Head and Neck Cancer Survivors
HNCA honors all head and neck cancer survivors from the newly-diagnosed, those navigating through their cancer journey as well as individuals who are post-cancer treatment. Each personal story is inspiring and reflects each individual’s unique path.
We welcome and encourage others to share their head and neck cancer experience. When submitting your story, please be sure to send along photos of your life as well as 8-10 paragraphs describing your head and neck cancer journey. Please send to firstname.lastname@example.org.
Tonsil Cancer Survivor
Depression is death in recovery. It was at this point, I realized it was up to me to make something happen, so I got busy. I researched nutrition and scoured bookshelves for books focusing strictly on soups. Many recipes I had to reinvent to make them possible for me to eat.
Lung Cancer Survivor
In September 2014, I was told that my head and neck cancer had spread to my lungs and that with standard treatment I had about a year to live.
I took the opportunity, and after just 24 weeks, there was no evidence of cancer in my body. I was floored, but I’m living life to the full, camping, walking, and traveling with my wife.
HPV-related Tonsil Cancer Survivor
I continue to have quarterly checkups with either my ENT, oncologist and/or radiation oncologist as well annual scans, to ensure my cancer hasn’t returned.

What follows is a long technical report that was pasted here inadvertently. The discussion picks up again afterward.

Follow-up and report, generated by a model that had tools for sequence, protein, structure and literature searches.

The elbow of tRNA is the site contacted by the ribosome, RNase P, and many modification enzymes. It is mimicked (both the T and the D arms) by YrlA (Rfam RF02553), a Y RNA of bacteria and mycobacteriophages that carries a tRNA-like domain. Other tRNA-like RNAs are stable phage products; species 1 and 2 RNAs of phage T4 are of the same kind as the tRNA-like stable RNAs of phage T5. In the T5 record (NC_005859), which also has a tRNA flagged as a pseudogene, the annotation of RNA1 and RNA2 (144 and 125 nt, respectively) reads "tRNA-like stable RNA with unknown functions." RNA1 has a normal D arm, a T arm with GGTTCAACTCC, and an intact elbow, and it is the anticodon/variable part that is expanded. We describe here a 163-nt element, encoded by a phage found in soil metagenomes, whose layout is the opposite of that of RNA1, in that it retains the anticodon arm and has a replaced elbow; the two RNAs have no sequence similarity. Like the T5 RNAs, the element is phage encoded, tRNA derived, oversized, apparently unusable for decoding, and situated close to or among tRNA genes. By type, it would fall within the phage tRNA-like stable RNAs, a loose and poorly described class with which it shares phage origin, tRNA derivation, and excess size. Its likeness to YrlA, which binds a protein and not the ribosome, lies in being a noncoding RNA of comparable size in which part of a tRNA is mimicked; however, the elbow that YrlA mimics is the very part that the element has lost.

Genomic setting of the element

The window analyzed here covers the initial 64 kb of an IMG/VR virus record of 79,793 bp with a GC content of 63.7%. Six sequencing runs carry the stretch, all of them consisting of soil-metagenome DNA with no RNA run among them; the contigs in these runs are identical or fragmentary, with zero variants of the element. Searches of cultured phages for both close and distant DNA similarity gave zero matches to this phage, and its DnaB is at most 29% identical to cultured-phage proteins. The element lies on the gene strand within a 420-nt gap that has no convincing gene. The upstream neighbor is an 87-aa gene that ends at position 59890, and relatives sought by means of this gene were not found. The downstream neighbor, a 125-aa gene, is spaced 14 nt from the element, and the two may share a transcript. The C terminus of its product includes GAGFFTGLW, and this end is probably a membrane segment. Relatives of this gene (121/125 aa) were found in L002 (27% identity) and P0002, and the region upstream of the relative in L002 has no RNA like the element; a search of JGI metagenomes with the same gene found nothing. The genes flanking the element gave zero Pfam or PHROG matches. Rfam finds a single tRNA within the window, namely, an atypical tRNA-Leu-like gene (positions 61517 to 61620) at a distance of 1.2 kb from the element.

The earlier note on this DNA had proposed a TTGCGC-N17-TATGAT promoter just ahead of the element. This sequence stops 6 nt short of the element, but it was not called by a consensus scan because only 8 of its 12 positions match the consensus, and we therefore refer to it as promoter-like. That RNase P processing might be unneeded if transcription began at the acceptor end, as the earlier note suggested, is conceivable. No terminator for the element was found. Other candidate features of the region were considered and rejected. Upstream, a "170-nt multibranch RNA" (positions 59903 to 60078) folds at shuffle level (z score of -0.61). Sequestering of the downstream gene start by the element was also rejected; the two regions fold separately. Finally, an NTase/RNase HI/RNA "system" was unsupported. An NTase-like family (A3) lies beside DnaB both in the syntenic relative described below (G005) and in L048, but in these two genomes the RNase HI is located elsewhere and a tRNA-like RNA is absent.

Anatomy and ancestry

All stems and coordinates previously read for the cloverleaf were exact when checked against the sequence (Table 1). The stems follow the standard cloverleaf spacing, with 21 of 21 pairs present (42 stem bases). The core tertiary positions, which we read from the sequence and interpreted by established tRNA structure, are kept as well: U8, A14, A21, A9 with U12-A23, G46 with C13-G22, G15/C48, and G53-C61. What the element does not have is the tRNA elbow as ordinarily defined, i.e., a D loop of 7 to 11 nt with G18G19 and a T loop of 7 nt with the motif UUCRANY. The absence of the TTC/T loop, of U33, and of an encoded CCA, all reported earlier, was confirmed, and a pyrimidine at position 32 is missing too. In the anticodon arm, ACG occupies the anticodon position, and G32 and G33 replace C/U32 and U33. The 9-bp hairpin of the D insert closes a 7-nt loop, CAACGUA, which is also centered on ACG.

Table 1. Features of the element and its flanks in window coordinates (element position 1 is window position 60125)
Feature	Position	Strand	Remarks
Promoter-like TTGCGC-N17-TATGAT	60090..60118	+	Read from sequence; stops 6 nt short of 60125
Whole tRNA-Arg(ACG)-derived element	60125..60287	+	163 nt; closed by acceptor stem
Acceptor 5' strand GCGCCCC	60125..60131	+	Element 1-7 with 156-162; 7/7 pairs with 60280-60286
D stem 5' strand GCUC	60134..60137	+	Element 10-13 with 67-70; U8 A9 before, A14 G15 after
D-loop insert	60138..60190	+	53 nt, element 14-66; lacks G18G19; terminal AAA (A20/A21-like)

My life is back to my “new normal” where I can spend time with my wife and kids, work full time and do my best to help others by serving as an ambassador for education regarding oral cancer.
Tongue Cancer Survivor
While undergoing cancer treatment, I chronicled my experience by sending e-mail notes, initially, to a small group of family and friends. My initial intimate sharing mushroomed, because many of them, in turn, shared those notes far-and-wide. What started out as a small number, ultimately resulted in an e-mail list of approximately 250 people receiving my cancer updates. Several who received my updates told me, “Don, you have a story to tell. I hope you will write a book about your experience and include your e-mail updates!”
Tongue Cancer Survivor
Diagnosed in 2005, Hank’s ENT advised surgery would be debilitating – removal of his tongue, esophagus, and voice box — creating a nearly impossible recuperation. As a result, both chemotherapy and radiation were prescribed. During all of it, Hank never asked
but with herculean determination proceeded with
“what’s next Doc?”
Geoffrey N. Read
Laryngeal Cancer Survivor
Eventually, in 2014 my consultant referred me to a consultant surgeon in the Northeast of England where I underwent a Major Pectoral Muscle Flap. This entailed taking muscle tissue from my left chest / breast and flapping it into my neck.
This all went remarkably well and I was up and running again reasonably quickly. I was again able to eat, drink and talk. I can eat and drink, albeit slowly, and the food must be soft and small.
But… I am now unable to talk at all.
National Spokesperson for the HNCA & Oral Cancer Survivor
During the time that I made progress to access the medical care that I needed, I was also plagued with hurdles of distraction, denial and misinformation, all of which played a role in delaying my final diagnosis. I believe that my success as a cancer patient is first due to the process of recognition on a basic level, that something in my body was not the same as it was and I was worse off. Secondly, comes the art of dismissing medical opinions that are presented as final truths and respectfully seeking out alternative opinions with an air of diligence and anticipation of inconvenience…